A few days ago, I came across an article called The Second Coming — A Manifesto by David Gelernter. Gelernter is famous for being a co-inventor of LifeStreams, which was a really cool PIM system based on time-order streams of documents.
In The Second Coming, written in 2000, Gelernter writes about a coming revolution in computing:
Computing will be transformed. It’s not just that our problems are big, they are big and obvious. It’s not just that the solutions are simple, they are simple and right under our noses. It’s not just that hardware is more advanced than software; the last big operating-systems breakthrough was the Macintosh, sixteen years ago, and today’s hottest item is Linux, which is a version of Unix, which was new in 1976. Users react to the hard truth that commerical software applications tend to be badly-designed, badly-made, incomprehensible and obsolete by blaming themselves.
He dedicates an entire section of the essay to the problems he sees with the current file-and-folder organizational model:
27. Modern computing is based on an analogy between computers and file cabinets that is fundamentally wrong and affects nearly every move we make. (We store “files” on disks, write “records,” organize files into “folders” — file-cabinet language.) Computers are fundamentally unlike file cabinets because they can take action.
30. If you have three pet dogs, give them names. If you have 10,000 head of cattle, don’t bother. Nowadays the idea of giving a name to every file on your computer is ridiculous.
31. Our standard policy on file names has far-reaching consequences: doesn’t merely force us to make up names where no name is called for; also imposes strong limits on our handling of an important class of documents — ones that arrive from the outside world. A newly-arrived email message (for example) can’t stand on its own as a separate document — can’t show up alongside other files in searches, sit by itself on the desktop, be opened or printed independently; it has no name, so it must be buried on arrival inside some existing file (the mail file) that does have a name.
I totally agree with the points he makes. These are things I’ve been complaining about for years, too.
Gelernter then goes on to describe (at a very high level) the organizational model that we should be using on computers:
36. File cabinets and human minds are information-storage systems. We could model computerized information-storage on the mind instead of the file cabinet if we wanted to.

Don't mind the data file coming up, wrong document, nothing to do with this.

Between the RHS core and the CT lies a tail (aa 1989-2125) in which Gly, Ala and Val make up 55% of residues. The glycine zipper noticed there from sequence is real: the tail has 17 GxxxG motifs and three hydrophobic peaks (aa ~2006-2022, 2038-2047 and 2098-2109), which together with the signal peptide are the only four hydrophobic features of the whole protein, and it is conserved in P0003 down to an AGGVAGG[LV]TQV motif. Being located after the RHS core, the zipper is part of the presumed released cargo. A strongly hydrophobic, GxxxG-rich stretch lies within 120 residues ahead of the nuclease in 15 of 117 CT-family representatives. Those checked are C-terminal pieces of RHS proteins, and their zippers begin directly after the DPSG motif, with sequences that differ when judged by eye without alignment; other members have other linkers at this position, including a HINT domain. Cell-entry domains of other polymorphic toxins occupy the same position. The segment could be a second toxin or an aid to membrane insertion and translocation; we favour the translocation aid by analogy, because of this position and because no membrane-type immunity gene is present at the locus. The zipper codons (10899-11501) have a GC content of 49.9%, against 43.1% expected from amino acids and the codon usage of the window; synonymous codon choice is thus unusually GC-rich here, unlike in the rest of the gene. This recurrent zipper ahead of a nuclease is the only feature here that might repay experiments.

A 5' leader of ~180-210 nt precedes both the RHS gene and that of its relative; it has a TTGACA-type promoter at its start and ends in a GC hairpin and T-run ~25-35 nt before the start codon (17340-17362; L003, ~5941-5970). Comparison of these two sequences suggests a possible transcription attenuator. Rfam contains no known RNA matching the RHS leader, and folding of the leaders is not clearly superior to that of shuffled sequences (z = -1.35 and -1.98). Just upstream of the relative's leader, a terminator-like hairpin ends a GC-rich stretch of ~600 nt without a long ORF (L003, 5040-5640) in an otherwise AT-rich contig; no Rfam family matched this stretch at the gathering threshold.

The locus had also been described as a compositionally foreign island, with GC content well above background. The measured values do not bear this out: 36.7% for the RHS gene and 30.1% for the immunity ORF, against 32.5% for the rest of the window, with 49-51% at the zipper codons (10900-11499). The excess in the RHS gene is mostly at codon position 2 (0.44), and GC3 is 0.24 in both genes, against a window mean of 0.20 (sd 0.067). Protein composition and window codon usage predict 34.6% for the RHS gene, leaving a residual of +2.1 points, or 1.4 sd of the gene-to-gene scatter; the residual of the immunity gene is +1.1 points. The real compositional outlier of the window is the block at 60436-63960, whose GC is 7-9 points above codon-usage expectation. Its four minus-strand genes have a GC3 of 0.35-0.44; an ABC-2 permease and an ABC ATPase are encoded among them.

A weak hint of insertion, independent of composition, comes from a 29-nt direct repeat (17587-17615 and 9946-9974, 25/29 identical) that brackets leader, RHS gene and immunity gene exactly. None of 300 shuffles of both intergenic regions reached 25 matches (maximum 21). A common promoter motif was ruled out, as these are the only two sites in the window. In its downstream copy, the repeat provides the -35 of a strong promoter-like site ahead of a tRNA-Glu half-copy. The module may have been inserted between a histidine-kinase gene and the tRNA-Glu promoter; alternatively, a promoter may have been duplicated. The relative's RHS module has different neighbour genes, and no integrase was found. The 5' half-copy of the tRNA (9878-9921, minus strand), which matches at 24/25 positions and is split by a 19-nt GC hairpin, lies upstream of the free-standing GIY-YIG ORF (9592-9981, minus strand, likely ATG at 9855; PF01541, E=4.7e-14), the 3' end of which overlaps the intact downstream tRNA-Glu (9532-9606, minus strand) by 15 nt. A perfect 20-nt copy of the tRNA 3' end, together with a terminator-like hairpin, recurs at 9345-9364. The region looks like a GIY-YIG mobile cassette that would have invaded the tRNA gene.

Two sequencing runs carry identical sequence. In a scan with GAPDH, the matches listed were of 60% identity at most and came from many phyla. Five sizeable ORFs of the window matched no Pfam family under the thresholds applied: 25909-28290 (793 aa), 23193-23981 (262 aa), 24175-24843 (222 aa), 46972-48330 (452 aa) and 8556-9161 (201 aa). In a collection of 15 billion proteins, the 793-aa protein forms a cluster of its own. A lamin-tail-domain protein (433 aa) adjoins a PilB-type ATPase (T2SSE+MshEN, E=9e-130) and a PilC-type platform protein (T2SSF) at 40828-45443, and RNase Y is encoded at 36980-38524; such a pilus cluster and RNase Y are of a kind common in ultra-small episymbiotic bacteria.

37. Elements stored in a mind do not have names and are not organized into folders; are retrieved not by name or folder but by contents. (Hear a voice, think of a face: you’ve retrieved a memory that contains the voice as one component.) You can see everything in your memory from the standpoint of past, present and future. Using a file cabinet, you classify information when you put it in; minds classify information when it is taken out. (Yesterday afternoon at four you stood with Natasha on Fifth Avenue in the rain — as you might recall when you are thinking about “Fifth Avenue,” “rain,” “Natasha” or many other things. But you attached no such labels to the memory when you acquired it. The classification happened retrospectively.)
Our minds are extraordinarily complicated things. Should we really be building software that is modeled on that kind of complexity?
Modeling machines after nature is rarely the best approach. Our airplanes don’t have flapping wings, and cars and bicycles are not “running machines.” You can also think of spoken and written languages as “tools”, ones that have an intimate connection with our thought processes. If languages were modeled on the way the mind works, we would be speaking in sentence fragments, and constantly making up new words to easily refer to concepts and past events. Would anyone argue that languages could be made better by making them more flexible, more malleable, and a better match for our internal thought processes?
To me, modeling computers on our minds is just as much of a red herring as modeling them on file cabinets. Let’s build software for how our brains work, not like how our brains work. The best tools are the ones that support and compliment our natural abilities. My brain doesn’t have an internal calendar or to-do list, but those turn out to be remarkably simple and effective constructs that support my goals of accomplishing certain tasks. They are effective because of how simple and straightforward they are, and because they allow my brain to focus on what it does best (which is not remembering absolute times or lists of items).